Saturday, June 5, 2010

Žižek on the Political Spectrum

Liberal multiculturalist advocates of tolerance as a rule resist economic liberalism and try to protect the vulnerable from unencumbered market forces, while market liberals as a rule advocate conservative family values, and so on. We thus get the double paradox of the traditionalist Rightist supporting the market economy while ferociously rejecting the culture and mores that economy engenders, and his counterpoint, the multiculturalist Leftist, resisting the market. . . while enthusiastically enforcing the ideology it engenders.
                                                                                       - Slavoj Žižek, Living in the End Times.

This is, of course, very true. As much as we might not want to hear what Žižek is saying here, there is no easy way out of this obvious set of contradictions that the Slovenian philosopher brings to light.

The Conservatives who believe in the free market and simultaneously advocate conservative family values fail to see the contradictions implicit in their position. The free market engenders a market mentality. That mentality is organized around choices. People get used to having a lot of choices in everything. It is unrealistic to expect that they will magically give up their right to choose their sexual partners, their reproduction strategies, the kind of sex life they want to lead at any given moment, etc. Thus Žižek points out that being a social Conservative and believing in the free market at the same time is a position plagued by unsustainable contradictions.

The same contradictions, however, inform the beliefs of the Leftists. The vision of society where all choices are respected, where everybody should be free to live the life they want, to organize their personal and sexual lives the way they choose is a direct result of the free market ideology. Such ideology would simply be inconceivable without the market economy that gives rise to it. Thus a social Progressive who hates the market is as plagued by contradictions as a Conservative.

I'm sure that even if you never read Žižek before you can understand now why he manages to piss off people on all sides of the political spectrum.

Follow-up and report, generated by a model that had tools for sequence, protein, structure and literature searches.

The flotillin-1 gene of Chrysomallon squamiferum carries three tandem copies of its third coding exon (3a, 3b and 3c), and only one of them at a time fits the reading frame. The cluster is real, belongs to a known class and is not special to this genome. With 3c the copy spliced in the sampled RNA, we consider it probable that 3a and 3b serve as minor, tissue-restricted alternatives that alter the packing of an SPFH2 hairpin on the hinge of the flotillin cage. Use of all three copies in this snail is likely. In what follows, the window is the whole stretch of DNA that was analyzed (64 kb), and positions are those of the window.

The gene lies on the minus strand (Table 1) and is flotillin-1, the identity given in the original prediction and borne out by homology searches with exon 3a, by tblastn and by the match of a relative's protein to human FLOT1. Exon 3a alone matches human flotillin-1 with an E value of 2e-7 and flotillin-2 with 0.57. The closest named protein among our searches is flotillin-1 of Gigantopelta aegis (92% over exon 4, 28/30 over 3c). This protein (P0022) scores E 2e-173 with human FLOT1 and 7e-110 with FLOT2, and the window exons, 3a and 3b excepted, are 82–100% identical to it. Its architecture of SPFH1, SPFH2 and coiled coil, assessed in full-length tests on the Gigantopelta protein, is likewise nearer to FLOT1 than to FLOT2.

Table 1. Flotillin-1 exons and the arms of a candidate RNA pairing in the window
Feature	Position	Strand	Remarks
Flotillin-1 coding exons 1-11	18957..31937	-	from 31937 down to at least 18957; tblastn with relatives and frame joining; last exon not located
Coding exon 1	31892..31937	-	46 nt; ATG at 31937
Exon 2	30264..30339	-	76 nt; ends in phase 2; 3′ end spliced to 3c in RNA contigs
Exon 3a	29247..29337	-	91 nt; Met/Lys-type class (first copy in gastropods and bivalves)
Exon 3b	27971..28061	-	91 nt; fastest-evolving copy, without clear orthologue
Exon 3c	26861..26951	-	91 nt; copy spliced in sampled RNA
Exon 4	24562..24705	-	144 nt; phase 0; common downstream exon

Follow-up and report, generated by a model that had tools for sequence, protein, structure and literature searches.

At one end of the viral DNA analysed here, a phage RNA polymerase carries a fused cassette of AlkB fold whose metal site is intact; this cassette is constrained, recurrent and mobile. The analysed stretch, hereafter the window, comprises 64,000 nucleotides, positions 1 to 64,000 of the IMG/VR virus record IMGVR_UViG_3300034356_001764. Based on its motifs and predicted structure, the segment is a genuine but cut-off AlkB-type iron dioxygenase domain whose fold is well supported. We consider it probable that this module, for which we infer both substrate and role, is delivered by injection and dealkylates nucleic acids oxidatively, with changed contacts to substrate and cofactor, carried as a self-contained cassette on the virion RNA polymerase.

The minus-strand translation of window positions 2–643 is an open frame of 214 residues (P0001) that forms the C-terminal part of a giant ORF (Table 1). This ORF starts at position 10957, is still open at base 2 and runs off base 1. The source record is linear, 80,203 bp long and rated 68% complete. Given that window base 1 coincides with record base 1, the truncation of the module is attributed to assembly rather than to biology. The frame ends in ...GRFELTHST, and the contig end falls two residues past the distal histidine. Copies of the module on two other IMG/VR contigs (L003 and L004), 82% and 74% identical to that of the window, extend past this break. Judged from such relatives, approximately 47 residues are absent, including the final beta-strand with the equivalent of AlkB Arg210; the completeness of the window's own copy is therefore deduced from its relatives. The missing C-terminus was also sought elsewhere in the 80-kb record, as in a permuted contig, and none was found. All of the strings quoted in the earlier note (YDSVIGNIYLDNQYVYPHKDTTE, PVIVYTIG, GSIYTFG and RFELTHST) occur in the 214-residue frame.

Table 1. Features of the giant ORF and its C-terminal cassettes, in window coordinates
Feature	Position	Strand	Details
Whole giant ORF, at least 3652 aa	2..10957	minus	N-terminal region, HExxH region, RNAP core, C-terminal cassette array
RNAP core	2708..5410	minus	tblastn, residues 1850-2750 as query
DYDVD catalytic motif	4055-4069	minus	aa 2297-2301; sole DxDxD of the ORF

Anonymous said...

The trouble I have with Zizek is his method. Whenever I read about him, or smaller pieces by him, I get bits of brilliance like this. But, given that his method relies on Lacan and psychoanalysis (which is unprovable) and dialectics (also unprovable), I'm almost afraid to look deeper into his books. The first part of your review did a great job, and I'm looking forward to the second, but does the reliance on psychoanalytic/dialectic methods bother you? If not, why? If so, and if his arguments depend on them, how does a reader move past this?

Clarissa said...

There are many things in Zizek that bother me.

Psychoanalysis is unprovable in the same way that all philosophy is unprovable. I really like psychoanalysis but I hate what Lacan does with it. He cherry-picks the most mysoginistic currents of psychoanalysis and blows them out of proportion.

The second part of my review will be dedicated to all the things I don't like in Zizek. There is a lot in his work that I find feeble and unconvincing. Still, the good parts make it worth reading through pages and pages of boring Lacanian stuff. He's brilliant on the the topic of ideology, which is one of my main theoretical interests. This redeems him in my eyes. :-)

Janet said...

How do you find Lacan mysogynistic? I've seen arguments before, but I'd be willing to argue that Lacan sees woman as better than men. Just take a look at the graphs of sexuation.

Clarissa said...

Janet: "Women are superior to men" is the favorite trick of mysogyny. I personally was brainwashed with this kind of stuff since infancy. This "women are superior" nonsense, of course, always segued into how because of this superiority women didn't need nasty, dirty things like sex. Also, female superiority meant that women are supposed to leave the complicated task of making a living to men and do their superior female things.

Any discussion of female "difference", either in terms of inferiority or superiority, ALWAYS leads to female subjection in the end.

There is a post here about "Putting Women on a Pedestal". It talks about this very issue in more detail, if you are interested.

Janet said...

I made some booboos I guess.

Lacan's "sex" is not our sex. It's not biological. No penises or vaginas. My friend Jack can be a man or woman in the Lacanian sense. My friend Jane can be both, as well. Also, it's not social. It's not a checklist of behavioral or cultural functions or mannerisms. It's not even that one is better than the other. That was my mistake for saying it that way. There's no superiority or inferiority. Lacanian sexes are ontologically equal. Lacan's "sexes" are two different responses to Lacanian subjectivity. They follow two different logics, two different relationships to the master-signifier. It's our failure to be completely inscribed into the symbolic order, language, that Lacan says causes subjectivity. The two sexes are the two different ways a subject can deal with this failed symbolization. That he uses the terms man, woman, sex, and phallus at all have more to do with Freud than Lacan.

To clear things up, the reason I said "better" was actually the same reason why Lacanian sex has nothing to do with sex. The Woman is the only one able to encounter the Phallus (again, no penises, it's the master-signifier).